Farmers growing food for transport, not taste

Farmers are growing food for transport, not taste, so people are choosing processed food and succumbing to chronic diseases.

An excerpt from this article about a fund called FoodDirect explains:

FreshDirect co-founder and food sourcing expert David McInerney travels the world forging relationships with hundreds of farmers, ranchers and fishermen, to source the best tasting, healthiest, freshest foods for consumers. During these journeys McInerney has become keenly aware that there is a fundamental flaw in our food system, which forces our farmers to grow food for transport rather than taste. Today fresh foods don’t taste like they should; people aren’t eating them, and processed foods are winning — and its crippling the future of our farmers.

What’s more, people in the United States eat 31 percent more unhealthy processed food than fresh food — that’s more per person than any country on earth. Nowhere are these issues more apparent than with our urban youth. Many urban youth live in “food deserts” where inexpensive, processed foods, linked to diseases such as diabetes and obesity, are the winning choices. For youth living in these “food deserts”, their brain development is at risk since processed foods, fats, sugars and other carbohydrates hinder their ability to stay healthy, energized and mentally sharp.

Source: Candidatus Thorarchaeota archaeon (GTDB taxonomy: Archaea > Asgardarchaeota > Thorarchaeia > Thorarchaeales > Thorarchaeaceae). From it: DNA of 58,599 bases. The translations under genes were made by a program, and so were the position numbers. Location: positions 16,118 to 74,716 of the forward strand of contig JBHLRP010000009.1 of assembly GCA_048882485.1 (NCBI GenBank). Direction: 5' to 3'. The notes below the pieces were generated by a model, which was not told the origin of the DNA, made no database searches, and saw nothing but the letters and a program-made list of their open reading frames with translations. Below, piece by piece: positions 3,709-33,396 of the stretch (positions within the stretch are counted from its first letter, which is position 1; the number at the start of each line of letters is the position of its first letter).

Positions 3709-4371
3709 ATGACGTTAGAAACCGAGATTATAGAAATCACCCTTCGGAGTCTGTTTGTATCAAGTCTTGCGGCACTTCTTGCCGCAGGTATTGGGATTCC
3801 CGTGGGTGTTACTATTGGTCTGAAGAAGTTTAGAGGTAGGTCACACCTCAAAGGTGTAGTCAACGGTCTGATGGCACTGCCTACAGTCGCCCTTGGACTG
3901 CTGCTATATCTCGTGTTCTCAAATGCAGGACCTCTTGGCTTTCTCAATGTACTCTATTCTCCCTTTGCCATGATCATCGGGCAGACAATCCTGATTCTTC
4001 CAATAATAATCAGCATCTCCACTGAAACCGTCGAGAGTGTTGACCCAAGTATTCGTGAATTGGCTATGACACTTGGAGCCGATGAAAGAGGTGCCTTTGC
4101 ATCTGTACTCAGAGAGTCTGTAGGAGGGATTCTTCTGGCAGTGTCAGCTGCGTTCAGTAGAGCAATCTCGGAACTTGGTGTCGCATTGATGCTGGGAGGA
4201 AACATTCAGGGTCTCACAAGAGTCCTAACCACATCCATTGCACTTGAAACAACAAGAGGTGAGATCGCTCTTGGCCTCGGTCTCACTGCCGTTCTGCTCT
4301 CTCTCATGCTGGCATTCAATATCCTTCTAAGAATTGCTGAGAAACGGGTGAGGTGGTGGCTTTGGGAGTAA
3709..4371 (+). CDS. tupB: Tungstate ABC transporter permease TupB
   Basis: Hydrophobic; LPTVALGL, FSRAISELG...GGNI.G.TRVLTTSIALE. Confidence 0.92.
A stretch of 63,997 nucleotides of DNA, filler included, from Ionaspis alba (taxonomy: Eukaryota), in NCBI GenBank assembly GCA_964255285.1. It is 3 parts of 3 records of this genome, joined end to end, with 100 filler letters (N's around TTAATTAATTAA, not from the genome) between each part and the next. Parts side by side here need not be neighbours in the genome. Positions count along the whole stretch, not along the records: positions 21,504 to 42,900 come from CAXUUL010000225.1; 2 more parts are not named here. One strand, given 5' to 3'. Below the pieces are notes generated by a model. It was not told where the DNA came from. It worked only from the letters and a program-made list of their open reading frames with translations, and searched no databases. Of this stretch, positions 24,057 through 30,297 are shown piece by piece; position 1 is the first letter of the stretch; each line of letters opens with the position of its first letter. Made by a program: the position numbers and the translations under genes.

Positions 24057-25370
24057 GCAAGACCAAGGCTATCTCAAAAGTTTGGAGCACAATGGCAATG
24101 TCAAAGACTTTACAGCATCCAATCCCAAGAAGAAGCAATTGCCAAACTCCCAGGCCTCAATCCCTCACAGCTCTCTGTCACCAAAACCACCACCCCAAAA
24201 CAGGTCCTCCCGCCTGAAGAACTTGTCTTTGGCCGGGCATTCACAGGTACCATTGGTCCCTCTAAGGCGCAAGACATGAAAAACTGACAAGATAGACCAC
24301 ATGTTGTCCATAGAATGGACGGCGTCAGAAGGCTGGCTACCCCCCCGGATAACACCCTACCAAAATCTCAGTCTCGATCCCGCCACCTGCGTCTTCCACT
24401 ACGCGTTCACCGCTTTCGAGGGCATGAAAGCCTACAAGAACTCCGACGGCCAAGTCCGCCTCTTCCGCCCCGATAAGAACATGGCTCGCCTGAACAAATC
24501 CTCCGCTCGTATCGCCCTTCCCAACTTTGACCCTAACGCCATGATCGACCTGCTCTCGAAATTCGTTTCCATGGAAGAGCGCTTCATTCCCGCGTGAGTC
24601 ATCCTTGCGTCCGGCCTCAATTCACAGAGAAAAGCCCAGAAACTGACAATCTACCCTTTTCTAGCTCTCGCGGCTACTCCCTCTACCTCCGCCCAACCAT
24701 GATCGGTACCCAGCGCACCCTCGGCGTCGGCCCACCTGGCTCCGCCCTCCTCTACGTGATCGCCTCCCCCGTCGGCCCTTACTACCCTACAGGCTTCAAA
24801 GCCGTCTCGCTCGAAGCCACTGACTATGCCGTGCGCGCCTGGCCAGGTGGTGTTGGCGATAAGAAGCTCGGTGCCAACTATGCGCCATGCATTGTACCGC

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About Urban Food Revolution

Peter Ladner is a former Vancouver city councilor, Metro Vancouver vice-chair and business owner who is currently a weekly columnist at Business in Vancouver newspaper and a regular contributor to crosscut.com, a Seattle-based online news service. He is the author of The Urban Food Revolution: Changing the Way we Feed Cities, published by New Society in November, 2011. For the past two years he has been a Fellow at the SFU Centre for Dialogue researching, teaching and organizing public events around the theme Planning Cities as if Food Matters. He was first elected to Vancouver City Council in 2002, was re-elected in 2005 and ran for mayor in 2008. He is a former member of the TransLink Board, and was vice chair of the Metro Vancouver Board. Peter has been the publisher, president and part owner of the Business in Vancouver Media Group, which he co-founded in 1989. He has a lifelong interest in growing food. As a city councilor, he worked with the Vancouver Food Policy Council in initiating the city’s program to add 2010 food-producing community garden plots by 2010. He is vice-chair of the The Natural Step Canada, part of an international organization that advances sustainability in communities and corporations. He has a B.A. from UBC and did graduate work at the UBC School of Community and Regional Planning. He and his wife Erica have four adult children.
This entry was posted in Buying local, Food economics, food literacy, Health care costs and tagged , , , , , . Bookmark the permalink.

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